Benzyl succinate synthase

Last week we talked about the anaerobic biodegradation of benzene and described a possible way in which this process can occur. Today we want to talk about another possibility for that.

BssA, namely benzyl succinate synthase, is an enzyme capable of initiating the breakdown of both benzene and toluene, two compounds that can be toxic to animals and humans.

Toluene is produced during the refining of crude oil and it is used in various industrial processes, including the production of paints, adhesives, and coatings. It can be found in products such as glues, nail polish, and cigarette smoke. Toluene can also come from natural sources, such as plants or bacteria, but the amounts produced from such processes are not harmful.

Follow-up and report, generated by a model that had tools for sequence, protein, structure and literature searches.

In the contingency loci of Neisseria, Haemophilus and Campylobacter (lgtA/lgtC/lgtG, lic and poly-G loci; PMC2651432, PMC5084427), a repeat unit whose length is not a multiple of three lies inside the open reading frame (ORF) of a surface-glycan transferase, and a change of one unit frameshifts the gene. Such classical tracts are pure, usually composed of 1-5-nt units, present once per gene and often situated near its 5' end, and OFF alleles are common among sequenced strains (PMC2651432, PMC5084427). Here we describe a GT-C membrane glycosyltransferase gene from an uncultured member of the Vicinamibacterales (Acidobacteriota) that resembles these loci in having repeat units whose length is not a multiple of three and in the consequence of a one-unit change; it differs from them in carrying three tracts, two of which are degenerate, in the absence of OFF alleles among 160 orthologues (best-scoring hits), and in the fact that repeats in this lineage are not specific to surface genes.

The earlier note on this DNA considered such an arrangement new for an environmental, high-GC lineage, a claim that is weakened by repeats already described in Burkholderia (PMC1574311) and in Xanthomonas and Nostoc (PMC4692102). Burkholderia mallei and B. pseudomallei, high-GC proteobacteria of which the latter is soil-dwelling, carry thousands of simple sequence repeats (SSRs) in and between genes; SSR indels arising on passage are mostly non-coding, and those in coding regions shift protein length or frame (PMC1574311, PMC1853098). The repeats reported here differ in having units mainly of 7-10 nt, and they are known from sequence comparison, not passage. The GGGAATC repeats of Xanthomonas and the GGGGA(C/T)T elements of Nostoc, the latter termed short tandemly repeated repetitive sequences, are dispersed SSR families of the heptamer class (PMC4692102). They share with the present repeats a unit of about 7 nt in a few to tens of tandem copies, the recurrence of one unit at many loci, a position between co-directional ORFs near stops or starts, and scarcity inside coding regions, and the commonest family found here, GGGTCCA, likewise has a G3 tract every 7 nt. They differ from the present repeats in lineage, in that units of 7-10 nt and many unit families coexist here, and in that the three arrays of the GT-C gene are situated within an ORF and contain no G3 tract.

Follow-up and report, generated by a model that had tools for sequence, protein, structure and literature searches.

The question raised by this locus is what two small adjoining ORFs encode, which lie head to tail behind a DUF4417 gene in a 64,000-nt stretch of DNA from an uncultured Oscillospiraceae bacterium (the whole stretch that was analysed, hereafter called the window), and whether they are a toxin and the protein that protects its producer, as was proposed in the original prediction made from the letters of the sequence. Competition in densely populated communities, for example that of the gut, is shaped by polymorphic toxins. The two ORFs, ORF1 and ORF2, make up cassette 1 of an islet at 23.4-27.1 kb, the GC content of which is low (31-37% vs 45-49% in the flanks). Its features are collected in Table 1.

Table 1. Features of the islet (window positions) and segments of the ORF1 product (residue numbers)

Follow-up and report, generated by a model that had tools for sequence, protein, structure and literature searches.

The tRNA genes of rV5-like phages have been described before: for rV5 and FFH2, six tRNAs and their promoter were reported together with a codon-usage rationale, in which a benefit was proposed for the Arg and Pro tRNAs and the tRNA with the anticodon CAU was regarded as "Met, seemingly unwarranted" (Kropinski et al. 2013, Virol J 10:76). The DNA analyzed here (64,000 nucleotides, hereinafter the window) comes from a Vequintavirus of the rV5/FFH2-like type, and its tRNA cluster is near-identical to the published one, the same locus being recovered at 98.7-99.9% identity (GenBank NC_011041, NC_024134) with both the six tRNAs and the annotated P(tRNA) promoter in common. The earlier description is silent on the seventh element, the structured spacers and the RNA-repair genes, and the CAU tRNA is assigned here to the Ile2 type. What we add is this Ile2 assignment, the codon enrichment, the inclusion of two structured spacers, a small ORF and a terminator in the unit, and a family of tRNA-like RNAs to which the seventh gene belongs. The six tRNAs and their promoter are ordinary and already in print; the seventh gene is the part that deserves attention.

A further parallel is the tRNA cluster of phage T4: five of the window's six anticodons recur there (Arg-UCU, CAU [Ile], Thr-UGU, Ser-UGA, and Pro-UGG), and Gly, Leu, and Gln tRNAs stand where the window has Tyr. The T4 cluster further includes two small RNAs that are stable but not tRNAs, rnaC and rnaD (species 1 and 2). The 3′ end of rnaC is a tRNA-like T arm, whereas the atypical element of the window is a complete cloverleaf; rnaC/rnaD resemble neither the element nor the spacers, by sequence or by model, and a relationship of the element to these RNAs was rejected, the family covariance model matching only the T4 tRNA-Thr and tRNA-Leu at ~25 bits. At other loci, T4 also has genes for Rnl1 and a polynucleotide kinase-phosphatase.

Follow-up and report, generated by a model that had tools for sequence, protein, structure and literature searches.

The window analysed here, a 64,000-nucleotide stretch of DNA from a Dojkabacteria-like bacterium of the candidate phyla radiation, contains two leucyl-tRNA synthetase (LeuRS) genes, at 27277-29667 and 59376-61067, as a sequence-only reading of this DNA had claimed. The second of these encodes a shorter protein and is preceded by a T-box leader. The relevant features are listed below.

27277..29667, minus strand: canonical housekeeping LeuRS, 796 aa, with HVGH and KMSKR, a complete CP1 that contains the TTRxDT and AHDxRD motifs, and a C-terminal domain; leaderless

Toluene is easier than benzene to degrade, especially in aerobic (with oxygen) environments. In anaerobic (without oxygen) environments, the degradation is slower and more difficult, but we found a way.

BssA, benzyl succinate synthatse, is an enzyme that works under anaerobic conditions for the initiation of toluene degradation. BssA can also serve for benzene degradation, as this process can also take place via formation of Toluene. By addition of a fumarate molecule to the toluene, the benzylsuccinate is formed. This molecule can enter several degradation pathways naturally occurring in the cell, like the Tricarboxylic acid degradation which is normally used for energy harvesting by cells.

At Orvion, we investigate for the presence of bssA gene in toluene and benzene contaminated environments to have an indication of the possibility and extent of biodegradation, and draw bioremediation plans accordingly.

Want to know more about ways of degrading benzene and other toxic compounds?

Follow us on Linkedin.

Other themes